number of mothers are breastfeeding for longer times and more
openly than in the last fifty years.
Vanity... women fear losing the youthful appearance of
their breasts, but during the breastfeeding period, it is the pregnancy and several years of age
their breasts more than breastfeeding does.
Working outside the home can cause women to avoid
breastfeeding, but many companies are getting their acts
together and offering places for babies to be brought in for
breastfeeding, or time for mothers to use breast pumps and send
milk home with a helper.
Despair... but it helps to have a doctor that supports
breastfeeding, a hospital/nursing staff that supports it, and a
family that supports it. Lactation Consultants and Support
Groups are also available for help.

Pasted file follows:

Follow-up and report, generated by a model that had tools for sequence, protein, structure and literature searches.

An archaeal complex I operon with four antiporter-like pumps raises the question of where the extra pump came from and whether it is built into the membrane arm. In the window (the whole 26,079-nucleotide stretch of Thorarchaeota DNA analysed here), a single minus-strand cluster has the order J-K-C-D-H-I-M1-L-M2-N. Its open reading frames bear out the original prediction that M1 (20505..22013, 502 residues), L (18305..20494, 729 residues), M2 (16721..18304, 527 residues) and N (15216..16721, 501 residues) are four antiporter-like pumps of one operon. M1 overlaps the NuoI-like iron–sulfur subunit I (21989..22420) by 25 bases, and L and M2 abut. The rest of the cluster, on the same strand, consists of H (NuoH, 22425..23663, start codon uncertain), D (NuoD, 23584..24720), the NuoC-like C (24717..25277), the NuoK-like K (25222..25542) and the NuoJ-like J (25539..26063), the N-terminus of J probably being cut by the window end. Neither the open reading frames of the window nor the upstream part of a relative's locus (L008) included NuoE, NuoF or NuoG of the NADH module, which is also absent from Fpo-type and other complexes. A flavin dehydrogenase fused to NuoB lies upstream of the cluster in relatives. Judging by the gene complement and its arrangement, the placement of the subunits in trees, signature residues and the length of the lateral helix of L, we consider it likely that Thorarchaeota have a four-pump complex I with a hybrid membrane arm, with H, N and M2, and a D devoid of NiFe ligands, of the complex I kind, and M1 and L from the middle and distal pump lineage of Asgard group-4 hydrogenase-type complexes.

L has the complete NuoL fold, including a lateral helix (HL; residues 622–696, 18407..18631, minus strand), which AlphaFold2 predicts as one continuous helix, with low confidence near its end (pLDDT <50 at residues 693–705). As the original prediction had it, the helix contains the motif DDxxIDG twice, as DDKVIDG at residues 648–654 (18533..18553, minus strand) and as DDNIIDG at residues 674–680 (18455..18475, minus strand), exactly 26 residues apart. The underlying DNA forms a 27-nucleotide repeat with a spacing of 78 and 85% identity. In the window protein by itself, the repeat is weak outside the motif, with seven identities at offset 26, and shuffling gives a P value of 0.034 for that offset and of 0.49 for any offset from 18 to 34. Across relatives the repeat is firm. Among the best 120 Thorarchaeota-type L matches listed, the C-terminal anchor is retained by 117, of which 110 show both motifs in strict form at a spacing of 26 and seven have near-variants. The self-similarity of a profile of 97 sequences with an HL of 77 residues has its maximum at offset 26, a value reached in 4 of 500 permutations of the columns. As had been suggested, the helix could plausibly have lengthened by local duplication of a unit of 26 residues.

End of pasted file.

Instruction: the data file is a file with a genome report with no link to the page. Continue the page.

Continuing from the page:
Video: How To Breastfeed -
Deep Latch Technique by Fit Pregnancy
One reason for not being
successful is not getting the baby to properly latch onto the
A major reason for
having sore nipples is also not getting a proper latch.
Take a look at this
A woman that breastfeeds
will produce on the average of 112 gallons of breastmilk in one
Breastmilk averages 20
calories per ounce.
A mother can produce
milk from the time her baby is born until she weans it from her
breast, no matter how long that may be. Some mothers breastfeed
well beyond the full year that most experts recommend. Many
recommend a full two years. The
average mother stops after six months... or less.
In most cases, if a
mother has trouble producing enough milk for her baby, it can be
due to her feeding the baby from a bottle to keep it from
"starving". Or giving it water from a bottle. No other fluids or
nutrients are needed by the baby... breastmilk provides it all.
Re-lactation is the
process of bringing breasts back to producing milk after they
have stopped breastfeeding. Or in some cases it can be a woman
inducing breasts to produce milk without the woman ever being
pregnant. That is done over a period of time ranging from weeks
to months. You can read about re-lactation on